For another thing, avoiding back-to-back shifts helps make everyone more accountable. When the same person closes and opens, he can let things slide because he knows he’ll be in first thing tomorrow to fix it.
This isn’t good for the people working with him because it may affect their behavior when it’s their turn to close. It’s also not good for the business for things to be left undone during the 8 to 10 hours that you’re closed.
Scheduling technology has come a long way from the pen-and-paper schedules many of us may be used to. But restaurant-specific tools can make all the tips above (and countless others) so much easier to institute.
Take Sling for example. It was created specifically for restaurant scheduling. As such, it goes above and beyond just helping you create a schedule.
Sling can notify you of conflicts and suggest changes to make the process go smoother.
Because it’s a cloud-based platform, Sling makes your schedule available to your employees anytime, anywhere. It also can be used to set reminder notifications for your employees so that they don’t forget their shifts.
And with other, powerful communication features, Sling can be used to communicate directly with a single employee, a group of employees, or all your employees at the same time. No more emails or time-consuming phone calls.
All of this can help increase your employees’ productivity by keeping them engaged in — and informed about — their job. It can also help you to keep your productivity high by streamlining what would otherwise be a labor-intensive process.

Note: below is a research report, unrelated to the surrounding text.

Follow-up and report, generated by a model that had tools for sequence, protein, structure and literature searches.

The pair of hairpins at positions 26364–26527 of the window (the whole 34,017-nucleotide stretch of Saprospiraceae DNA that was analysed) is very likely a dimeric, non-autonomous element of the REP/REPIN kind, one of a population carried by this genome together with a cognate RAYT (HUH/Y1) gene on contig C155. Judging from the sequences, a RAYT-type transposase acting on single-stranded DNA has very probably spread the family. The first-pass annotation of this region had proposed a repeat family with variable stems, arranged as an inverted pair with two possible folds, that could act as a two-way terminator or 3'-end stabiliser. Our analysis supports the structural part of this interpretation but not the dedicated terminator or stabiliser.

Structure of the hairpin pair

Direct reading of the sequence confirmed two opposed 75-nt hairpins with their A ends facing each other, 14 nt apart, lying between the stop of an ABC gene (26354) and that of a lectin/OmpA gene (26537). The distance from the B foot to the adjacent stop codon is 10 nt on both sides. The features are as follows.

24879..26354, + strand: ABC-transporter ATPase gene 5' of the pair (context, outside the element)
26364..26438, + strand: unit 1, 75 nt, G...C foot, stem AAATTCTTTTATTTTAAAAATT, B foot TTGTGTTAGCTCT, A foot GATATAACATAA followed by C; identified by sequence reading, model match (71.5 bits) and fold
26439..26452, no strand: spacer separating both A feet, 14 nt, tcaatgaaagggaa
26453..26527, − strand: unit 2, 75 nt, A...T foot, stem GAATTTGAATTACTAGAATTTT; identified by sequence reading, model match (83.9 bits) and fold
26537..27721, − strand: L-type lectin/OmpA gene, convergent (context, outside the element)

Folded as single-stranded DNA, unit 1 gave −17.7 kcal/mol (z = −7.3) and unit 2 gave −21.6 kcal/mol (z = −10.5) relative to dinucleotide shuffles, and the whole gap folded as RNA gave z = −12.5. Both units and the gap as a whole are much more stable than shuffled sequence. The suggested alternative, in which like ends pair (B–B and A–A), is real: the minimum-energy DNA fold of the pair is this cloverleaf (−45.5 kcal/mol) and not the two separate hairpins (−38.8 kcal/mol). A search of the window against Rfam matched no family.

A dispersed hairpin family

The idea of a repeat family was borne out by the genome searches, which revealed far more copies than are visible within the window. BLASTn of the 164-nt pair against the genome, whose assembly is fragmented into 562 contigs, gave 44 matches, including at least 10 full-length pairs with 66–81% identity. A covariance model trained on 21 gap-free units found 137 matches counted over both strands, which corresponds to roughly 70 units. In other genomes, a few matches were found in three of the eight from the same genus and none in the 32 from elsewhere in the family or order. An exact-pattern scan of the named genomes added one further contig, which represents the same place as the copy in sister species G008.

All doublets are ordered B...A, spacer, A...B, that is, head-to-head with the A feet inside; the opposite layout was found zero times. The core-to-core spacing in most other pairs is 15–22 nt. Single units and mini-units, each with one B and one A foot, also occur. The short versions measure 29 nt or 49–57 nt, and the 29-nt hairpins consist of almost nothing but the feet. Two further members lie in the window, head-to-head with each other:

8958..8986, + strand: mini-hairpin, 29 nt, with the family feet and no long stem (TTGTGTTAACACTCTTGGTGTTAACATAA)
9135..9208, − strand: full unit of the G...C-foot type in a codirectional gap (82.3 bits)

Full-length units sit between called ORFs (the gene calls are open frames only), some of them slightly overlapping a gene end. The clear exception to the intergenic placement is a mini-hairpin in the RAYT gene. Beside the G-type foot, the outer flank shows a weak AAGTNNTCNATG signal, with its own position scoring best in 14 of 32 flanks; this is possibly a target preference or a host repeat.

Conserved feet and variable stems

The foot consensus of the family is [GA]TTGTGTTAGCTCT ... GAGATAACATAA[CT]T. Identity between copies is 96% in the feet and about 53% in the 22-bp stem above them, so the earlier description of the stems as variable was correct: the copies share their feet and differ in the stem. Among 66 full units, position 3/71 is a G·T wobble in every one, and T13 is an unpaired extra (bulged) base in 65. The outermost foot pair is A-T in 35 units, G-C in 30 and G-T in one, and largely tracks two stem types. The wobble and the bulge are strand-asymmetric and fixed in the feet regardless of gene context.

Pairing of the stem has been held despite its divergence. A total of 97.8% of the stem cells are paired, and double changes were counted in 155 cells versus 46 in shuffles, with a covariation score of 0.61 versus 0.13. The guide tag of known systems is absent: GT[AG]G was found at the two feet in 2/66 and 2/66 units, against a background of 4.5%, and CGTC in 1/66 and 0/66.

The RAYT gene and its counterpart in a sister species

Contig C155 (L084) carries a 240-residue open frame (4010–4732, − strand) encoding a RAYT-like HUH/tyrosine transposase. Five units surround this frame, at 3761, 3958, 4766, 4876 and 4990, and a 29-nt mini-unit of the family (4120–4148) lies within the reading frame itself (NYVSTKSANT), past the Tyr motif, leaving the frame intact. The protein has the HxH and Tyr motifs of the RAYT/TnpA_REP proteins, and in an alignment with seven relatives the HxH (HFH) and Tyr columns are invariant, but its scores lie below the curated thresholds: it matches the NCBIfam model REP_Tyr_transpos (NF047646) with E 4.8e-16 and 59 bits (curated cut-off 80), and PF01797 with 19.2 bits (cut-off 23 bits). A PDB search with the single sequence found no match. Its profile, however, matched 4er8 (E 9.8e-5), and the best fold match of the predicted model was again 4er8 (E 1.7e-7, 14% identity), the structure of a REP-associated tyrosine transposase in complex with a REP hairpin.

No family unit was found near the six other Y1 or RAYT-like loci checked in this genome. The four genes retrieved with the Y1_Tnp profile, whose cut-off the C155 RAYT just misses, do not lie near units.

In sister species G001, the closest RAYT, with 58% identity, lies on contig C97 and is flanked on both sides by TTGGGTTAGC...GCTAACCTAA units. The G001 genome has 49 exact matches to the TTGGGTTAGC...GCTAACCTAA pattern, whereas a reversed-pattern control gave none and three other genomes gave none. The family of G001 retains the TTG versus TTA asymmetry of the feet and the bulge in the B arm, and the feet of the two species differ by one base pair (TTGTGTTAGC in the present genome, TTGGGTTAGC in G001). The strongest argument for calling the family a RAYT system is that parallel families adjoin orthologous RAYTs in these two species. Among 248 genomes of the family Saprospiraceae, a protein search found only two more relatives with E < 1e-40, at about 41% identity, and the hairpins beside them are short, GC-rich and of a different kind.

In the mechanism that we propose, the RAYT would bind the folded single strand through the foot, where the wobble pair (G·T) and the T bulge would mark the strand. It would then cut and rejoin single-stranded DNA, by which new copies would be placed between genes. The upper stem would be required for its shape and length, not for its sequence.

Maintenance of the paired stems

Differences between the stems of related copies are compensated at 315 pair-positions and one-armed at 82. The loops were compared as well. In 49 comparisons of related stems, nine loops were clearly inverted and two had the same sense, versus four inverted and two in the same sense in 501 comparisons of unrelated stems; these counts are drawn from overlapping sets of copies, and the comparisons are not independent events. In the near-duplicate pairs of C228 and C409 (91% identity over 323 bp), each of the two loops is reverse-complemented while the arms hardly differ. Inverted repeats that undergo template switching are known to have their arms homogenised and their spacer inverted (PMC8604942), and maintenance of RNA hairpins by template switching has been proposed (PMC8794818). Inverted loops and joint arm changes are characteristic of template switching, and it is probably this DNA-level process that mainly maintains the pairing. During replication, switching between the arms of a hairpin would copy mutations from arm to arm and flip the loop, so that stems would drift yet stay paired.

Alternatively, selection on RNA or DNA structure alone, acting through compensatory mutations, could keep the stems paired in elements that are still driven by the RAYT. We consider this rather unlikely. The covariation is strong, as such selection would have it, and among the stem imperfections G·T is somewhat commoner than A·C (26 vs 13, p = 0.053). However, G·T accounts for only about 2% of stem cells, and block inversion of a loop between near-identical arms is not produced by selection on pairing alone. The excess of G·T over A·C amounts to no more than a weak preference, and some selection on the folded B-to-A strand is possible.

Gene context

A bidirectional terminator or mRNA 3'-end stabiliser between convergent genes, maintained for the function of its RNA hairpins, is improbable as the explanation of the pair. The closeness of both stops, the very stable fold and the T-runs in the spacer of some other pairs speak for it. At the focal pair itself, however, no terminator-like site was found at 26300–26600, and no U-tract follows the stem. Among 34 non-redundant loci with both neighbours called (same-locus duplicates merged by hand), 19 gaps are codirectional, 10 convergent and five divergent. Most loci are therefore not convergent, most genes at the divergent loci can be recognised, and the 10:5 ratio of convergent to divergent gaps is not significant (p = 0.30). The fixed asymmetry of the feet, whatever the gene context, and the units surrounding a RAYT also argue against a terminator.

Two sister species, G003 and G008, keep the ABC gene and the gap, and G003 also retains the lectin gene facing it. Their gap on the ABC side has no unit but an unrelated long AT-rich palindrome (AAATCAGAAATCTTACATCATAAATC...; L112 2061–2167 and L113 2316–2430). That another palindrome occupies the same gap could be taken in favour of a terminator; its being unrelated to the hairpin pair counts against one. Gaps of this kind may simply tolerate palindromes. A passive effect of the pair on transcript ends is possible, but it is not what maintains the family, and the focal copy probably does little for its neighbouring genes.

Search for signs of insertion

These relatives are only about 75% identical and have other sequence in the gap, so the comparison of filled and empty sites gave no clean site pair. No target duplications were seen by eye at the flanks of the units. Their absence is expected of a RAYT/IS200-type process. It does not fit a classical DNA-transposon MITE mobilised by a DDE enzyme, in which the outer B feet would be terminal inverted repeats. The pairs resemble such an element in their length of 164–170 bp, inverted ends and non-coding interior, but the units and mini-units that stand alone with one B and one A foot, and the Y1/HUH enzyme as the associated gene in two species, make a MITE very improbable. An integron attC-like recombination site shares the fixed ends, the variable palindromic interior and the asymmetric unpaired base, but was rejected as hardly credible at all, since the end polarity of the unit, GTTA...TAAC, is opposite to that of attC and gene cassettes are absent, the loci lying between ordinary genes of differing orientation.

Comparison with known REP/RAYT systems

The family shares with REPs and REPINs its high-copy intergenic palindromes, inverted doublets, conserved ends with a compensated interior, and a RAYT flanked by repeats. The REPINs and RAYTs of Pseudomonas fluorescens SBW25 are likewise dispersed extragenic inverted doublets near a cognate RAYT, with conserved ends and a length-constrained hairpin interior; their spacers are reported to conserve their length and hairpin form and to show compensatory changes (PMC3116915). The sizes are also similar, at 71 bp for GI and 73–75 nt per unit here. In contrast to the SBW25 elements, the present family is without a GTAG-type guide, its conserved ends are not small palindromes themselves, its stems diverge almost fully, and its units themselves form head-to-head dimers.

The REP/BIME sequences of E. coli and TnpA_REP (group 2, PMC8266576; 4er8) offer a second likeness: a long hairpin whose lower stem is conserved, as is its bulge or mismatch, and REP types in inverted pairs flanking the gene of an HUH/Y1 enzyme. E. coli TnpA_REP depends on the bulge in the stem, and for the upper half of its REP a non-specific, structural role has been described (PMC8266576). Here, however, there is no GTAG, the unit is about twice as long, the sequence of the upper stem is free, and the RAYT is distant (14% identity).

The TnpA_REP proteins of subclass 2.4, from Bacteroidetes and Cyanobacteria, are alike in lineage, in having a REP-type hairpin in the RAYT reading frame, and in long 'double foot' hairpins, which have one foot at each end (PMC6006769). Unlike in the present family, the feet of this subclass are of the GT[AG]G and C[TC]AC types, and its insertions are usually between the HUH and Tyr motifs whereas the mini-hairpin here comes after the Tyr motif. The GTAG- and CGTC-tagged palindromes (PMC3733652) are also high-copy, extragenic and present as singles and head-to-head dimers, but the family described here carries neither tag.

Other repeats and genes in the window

One of the best ways to maintain productivity amongst your team is to give each employee two days off in a row during any given workweek.
In certain situations and during certain times of the year, this may not be possible. But when the workload allows for it, do your best to make it so.
Two days off in a row (e.g., a weekend) produces many benefits that you can’t achieve in any other way, including:
For a restaurant that is open seven days a week, scheduling a traditional “weekend” (i.e., Saturday and Sunday) may not be possible.
But as long as your employees get two days off in a row — even if it’s right in the middle of the week — they will reap the benefits that come with extended rest and down-time.
You may have found the perfect schedule for your team and your business. But no schedule — or scheduling process — should be set in stone.
At least once a quarter (i.e., every three months), set aside some time to reevaluate the finished product and the process you used to produce it to see if there are any ways you can improve.
Even relatively minor tweaks can have a significant effect on how your team works. Don’t be afraid to make changes for the better.
If you find yourself with tunnel vision when it comes to your schedule, get a different perspective on the process by asking your employees for suggestions. Ask how they would improve the schedule, the posting process, or any other aspect, and then implement the best ideas.
Packing your schedule with every conceivable piece of information may seem like a good idea at first. But, in reality, too much clutter can make it difficult for your employees to decipher the final product.
Even though you may incorporate all kinds of numbers and mathematical formulas during the creation process, keep the team-facing schedule clean, simple, and easy to read.
Your employees should be able to look at the schedule and figure out the day, the hours, and the job they will do in just a few seconds. Any more than that and your schedule is too complicated.